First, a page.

One theme and inspiration remains steady, and that is nature. Bourne views the natural world as one large interconnected community. Biomimicry, (the design and production of materials, structures, and systems that are modeled on biological entities and processes,) is a concept that fascinates her. The intersectionality of everything in connection with the natural world is an idea that she continuously circles back to. Bourne’s environmentalism and love for all living things is apparent from the very beginning. She reflects back on her earliest designing days as a child, “It wasn’t about me. It was about how my idea could help. How could I make a better world for my chickens, or my dog.”

Bourne utilizes art to help all beings, as well as the environment. Whether it’s creating a space for a business person to be an efficient worker, or a structure to make a dog’s life a little better, she listens to the being and uses her creativity to make a positive change. 

Bourne exclaims that she is coming to the “last quarter of her life,” and her priorities are exploration, adventure, and pondering the intersectionality of everything in the natural world, including humans. As I listen to this, I find it beautiful. When I think about young Agnes Bourne giving such care and consideration to her dog and chickens, I see a young girl who already feels connectedness and is expressing it through creation. Through the sharing of her creativity, she makes numerous lives better. 

Today, Bourne is still designing, but has shifted her focus to pictures, poetry, and prose. Continually looking for the blurred lines between mediums, Bourne is excited about this new adventure. Her parents had always wanted her to join the family passion of publishing, but Bourne’s natural inclinations and identity moved her away from words and towards making sense of the world through colors, textures, and materials. Dyslexia was a barrier that dissuaded Bourne from publishing, but Bourne is now entering the world of publishing with great freedom, as she is finding the beauty of prose and poetry and the pairing with thought-provoking imagery. She has published two books, Moments and Potpourri. Each is a unique collection of words and imagery, meant to inspire any person at any moment. The imagery captures the magic in the seemingly mundane, inspiring people to pause and appreciate the small and large scale wonders around them. Bourne explains how these books were created from her design process that remains constant throughout all of her creative endeavors. “When you have an idea, bring it forward,” Bourne emphasizes. “If you just open up your eyes and open up your mind, everything you need is right there in front of you.” Bourne believes this with all her heart, and wants to instill this mindset in everyone. As we sit in the art studio, Bourne points out various details that delight her during our conversation, from the paint drippings dried on the trash can to the light casting onto the looming mountain out the window.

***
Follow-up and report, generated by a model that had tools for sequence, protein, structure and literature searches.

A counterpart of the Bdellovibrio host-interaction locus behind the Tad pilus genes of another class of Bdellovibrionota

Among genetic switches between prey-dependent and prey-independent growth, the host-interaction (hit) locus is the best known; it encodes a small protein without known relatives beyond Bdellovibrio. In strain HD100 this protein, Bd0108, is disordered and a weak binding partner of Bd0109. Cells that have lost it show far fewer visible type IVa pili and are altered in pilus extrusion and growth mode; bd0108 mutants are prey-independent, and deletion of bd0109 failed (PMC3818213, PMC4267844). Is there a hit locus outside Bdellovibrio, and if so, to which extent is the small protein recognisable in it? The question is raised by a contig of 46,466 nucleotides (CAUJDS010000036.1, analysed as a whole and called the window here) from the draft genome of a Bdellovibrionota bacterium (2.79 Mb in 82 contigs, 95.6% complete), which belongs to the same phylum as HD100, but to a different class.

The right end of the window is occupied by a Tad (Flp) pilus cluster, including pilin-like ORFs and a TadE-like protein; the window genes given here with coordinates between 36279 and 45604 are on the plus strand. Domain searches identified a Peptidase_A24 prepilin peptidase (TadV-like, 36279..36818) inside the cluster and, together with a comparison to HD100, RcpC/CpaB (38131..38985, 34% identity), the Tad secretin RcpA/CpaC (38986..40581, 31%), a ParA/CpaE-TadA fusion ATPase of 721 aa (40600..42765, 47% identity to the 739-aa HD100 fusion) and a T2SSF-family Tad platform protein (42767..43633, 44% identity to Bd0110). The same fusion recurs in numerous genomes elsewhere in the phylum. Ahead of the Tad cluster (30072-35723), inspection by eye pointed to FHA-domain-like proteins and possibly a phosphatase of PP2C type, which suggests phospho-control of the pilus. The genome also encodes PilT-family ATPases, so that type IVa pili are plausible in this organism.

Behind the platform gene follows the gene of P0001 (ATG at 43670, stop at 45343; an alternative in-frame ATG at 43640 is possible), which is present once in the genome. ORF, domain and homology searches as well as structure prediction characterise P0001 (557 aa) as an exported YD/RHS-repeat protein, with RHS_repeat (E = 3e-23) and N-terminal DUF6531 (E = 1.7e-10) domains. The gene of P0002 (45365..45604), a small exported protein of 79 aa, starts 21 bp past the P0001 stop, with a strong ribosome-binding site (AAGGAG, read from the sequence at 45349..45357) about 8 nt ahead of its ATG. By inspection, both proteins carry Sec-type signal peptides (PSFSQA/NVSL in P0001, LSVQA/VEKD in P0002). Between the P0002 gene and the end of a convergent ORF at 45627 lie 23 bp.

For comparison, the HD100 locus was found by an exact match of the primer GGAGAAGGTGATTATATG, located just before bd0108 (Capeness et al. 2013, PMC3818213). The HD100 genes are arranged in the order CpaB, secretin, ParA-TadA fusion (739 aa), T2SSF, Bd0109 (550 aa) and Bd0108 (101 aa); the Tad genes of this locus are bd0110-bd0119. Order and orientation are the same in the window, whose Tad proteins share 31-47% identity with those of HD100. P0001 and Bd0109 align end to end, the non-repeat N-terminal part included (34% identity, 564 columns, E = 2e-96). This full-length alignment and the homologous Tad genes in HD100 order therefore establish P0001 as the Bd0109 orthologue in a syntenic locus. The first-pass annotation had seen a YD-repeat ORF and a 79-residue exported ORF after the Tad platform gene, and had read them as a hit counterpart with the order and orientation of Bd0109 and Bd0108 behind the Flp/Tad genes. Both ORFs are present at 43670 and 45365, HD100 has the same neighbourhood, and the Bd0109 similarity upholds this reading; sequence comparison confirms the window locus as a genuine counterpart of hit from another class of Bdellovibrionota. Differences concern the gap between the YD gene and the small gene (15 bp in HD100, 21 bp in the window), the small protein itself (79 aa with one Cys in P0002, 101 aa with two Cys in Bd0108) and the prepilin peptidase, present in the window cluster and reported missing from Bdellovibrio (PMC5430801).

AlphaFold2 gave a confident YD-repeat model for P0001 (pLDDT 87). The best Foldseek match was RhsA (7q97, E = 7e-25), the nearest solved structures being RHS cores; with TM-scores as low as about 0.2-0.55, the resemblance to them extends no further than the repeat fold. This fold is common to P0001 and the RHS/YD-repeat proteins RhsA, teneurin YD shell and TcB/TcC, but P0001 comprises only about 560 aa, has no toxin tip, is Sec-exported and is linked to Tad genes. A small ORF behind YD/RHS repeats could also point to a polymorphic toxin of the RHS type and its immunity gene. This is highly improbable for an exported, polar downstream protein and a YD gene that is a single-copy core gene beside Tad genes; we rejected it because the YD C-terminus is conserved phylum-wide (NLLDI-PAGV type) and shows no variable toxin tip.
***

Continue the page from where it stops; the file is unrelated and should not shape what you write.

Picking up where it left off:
Expression through art is an incredible tool for navigating one’s life. Bourne reaffirmed the idea that art can heal on a personal and global scale. Creation gives us tools for life, not just in art. The Art Association of Jackson Hole creates a space for creativity to thrive, while also providing guidance and community that is beneficial during all stages of one’s life. It’s never the wrong time to start turning on your “discovery machine” and exploring the connection between all beings and the world around us. 

Children’s brains are like sponges. Studies show that between the ages of 2-7, children’s brains absorb information quite rapidly. Throughout formal education, youth are bombarded with new ideas in all different subjects. This period of absorption is critical for development, but so is the act of releasing. It can be an incredibly cathartic and empowering experience for a child to create rather than being on the receiving end.

Many people are starting to realize the power that art education has on youth. In fact, 91 percent of Americans believe that the arts are vital to providing a well-rounded education. The Brookings Institution conducted a large-scale study of over 42 elementary and middle schools that examined the sustained reinvigoration of school-wide arts education. They found that “a substantial increase in arts educational experiences has remarkable impacts on students’ academic, social, and emotional outcomes. Students in the study receiving arts education experience “a 3.6 percentage point reduction in disciplinary infractions, an improvement of 13 percent of a standard deviation in standardized writing scores, and an increase of 8 percent of a standard deviation in their compassion for others.” When they restricted analysis to elementary schools, they found that “increases in arts learning positively and significantly affect students’ school engagement, college aspirations, and their inclinations to draw upon works of art as a means for empathizing with others” (Brookings). These findings support the message that art education is vital to a child’s well-being and development. The benefits of art can be seen in quite a number of different ways.